To Cheyenne Lei, a Ph.D. student in the landscape ecology and ecosystem science lab at Michigan State University (MSU), geography can mean dabbling in remote sensing, satellite imagery, hydrology, or even volcanic eruptions. Lei uses this broad curiosity at the Great Lakes Bioenergy Research Center (GLBRC) to study how land in the Midwest accommodates the sun’s rays, a phenomenon called “albedo.” The interactions between solar radiation and the makeup of our agricultural landscapes are at the core of Lei's work.
Imagine a snowy field in early spring. Climatic conditions resulting in low albedo and high absorption of radiation lead to faster melting snow. In the short term, lower albedo means a quicker thaw. It also could equate to more heat trapped in the atmosphere over the long term, leading to an acceleration of Earth’s changing climate.
“There are a lot of factors that affect the albedo of crops,” says Lei. “Temporal variability such as growing season versus winter, soil moisture, especially when the soil is really wet or dry, the height of plants, how much leaf canopy there is during a growing season, and even nitrogen content, temperature and cloudiness can affect how much sunlight is absorbed or reflected.”
Examining years of data at GLBRC’s cropping systems trials at MSU’s Kellogg Biological Station in Hickory Corners, Mich., Lei compares albedo on lands cultivated with bioenergy crops including switchgrass to traditional corn fields and prairie systems.
Lei spoke to us about how albedo is linked to soil health, growing seasons, and our climate, as well as her own journey into the broad field of geography.
How did geography become your passion?
Back in high school, I found that spark while reading a book on the volcanic eruption of Mount St. Helens. I kept reading on the ecological solutions – both manmade and natural – that came together to create a totally different environment, and I found that geography was something I really wanted to study.
For my undergrad at Northern Michigan University, I experimented in many types of geography and I definitely found myself to be more of a physical geographer. From there, I always enjoyed geology and hydrology, and just branched out from there.
While completing my Masters at Western Michigan University, I did a lot of remote sensing and hydrology. I focused more on satellite imagery, and how we can view temporal and spatial changes of water patterns and flooding within very urbanized rivers such as the Huron River in Southeast Michigan.
Why study things like solar radiation and albedo?
If we're trying to cool the atmosphere and mitigate carbon emissions, we want our radiation to not be absorbed into the ground, but instead reflect off of the canopy back into the atmosphere. But on the flip side, farmers who may want to plant two sets of corn or soybean crops in one season may want to warm the surface slightly quicker by planting cover crops that have both positive and negative implications, including winter warming. Thus, understanding the fine line between sustainability and agricultural management is important in mitigating climate change.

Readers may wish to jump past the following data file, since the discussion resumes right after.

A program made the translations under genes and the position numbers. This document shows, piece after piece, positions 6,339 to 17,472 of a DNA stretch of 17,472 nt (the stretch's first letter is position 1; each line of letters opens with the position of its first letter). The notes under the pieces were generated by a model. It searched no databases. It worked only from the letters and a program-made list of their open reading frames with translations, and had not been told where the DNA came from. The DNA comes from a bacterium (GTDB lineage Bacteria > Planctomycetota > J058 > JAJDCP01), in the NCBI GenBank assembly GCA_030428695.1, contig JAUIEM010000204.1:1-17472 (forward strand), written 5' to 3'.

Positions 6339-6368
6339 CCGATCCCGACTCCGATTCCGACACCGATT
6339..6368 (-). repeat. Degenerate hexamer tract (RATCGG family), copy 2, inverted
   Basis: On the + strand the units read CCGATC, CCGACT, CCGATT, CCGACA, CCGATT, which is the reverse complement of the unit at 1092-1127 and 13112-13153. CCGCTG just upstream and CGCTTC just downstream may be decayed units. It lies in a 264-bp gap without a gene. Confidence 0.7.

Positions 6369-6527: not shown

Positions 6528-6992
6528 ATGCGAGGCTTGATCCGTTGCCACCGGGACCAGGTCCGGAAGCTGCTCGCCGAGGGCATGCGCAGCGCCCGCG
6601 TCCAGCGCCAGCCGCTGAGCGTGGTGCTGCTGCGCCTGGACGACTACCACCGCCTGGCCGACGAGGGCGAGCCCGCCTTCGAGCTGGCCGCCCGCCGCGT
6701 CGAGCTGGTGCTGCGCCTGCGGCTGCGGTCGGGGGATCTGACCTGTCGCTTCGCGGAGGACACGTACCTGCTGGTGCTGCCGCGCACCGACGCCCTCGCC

Tell us about your research into root systems at GLBRC.
When I first started my Ph.D., my advisor, Jiquan Chen, asked me to assist in some research looking at root systems as a way to get introduced to the field sites and the other students at Kellogg Biological Station. It was also a chance to use my GIS [geographic information system] and remote sensing background in a new way.
Past research at the GLBRC biofuel cropping system experiment sites had shown what happens to roots in the soil when you change the landscape from soybean to prairie, or soybean to other agricultural land. We wanted to create a synopsis of what happened in the last eight years since they’ve been converted to a different type of crop.
The reference site, which was just a grassland, had the most root biomass for the entire study period because it was never harvested, followed by Conservation Reserve Program grasslands, prairie, switchgrass, and corn sites. Interestingly, switchgrass roots established a year earlier than prairie, which took a little longer for roots to establish. The prairie also was very diverse when it was first converted, but it was very interesting to see how some species dominated over others in the long term.
You have also done some teaching - how do you see your career evolving?
I have had the opportunity to intern at various watershed councils across Michigan, help teach an ecology course at the Kellogg Biological Station, and have managed more than eight interns in the past five years. I applied my experiences not just in the classroom, but outside the classroom, too. This took various forms: Sometimes that meant going into the streams and to take micro-invertebrate assessments or to test water quality, or taking solar radiation measurements in different areas. Sometimes just meant going for a nice walk in waders, because it was a great day outside to look at the landscape or check out the Kellogg dairy farm establishment. Whether it was tinkering with large datasets, or hands on experiences in the field, I took each unique moment and crafted them into learning experiences.
In five years, I’d like to see myself in a tenure track position at a research-heavy university, working my way to having my own lab, where I can follow in my advisor’s footsteps doing research and providing opportunities for undergraduates to expand their careers. Being that geography is extremely interdisciplinary, I would be ecstatic to continue paving the way for groundbreaking research in atmospheric physics: analyzing albedo, global warming and climate impacts of different landscapes – from ecological to forest, to urban, even branching into volcanic landscapes which cover large regions of the U.S.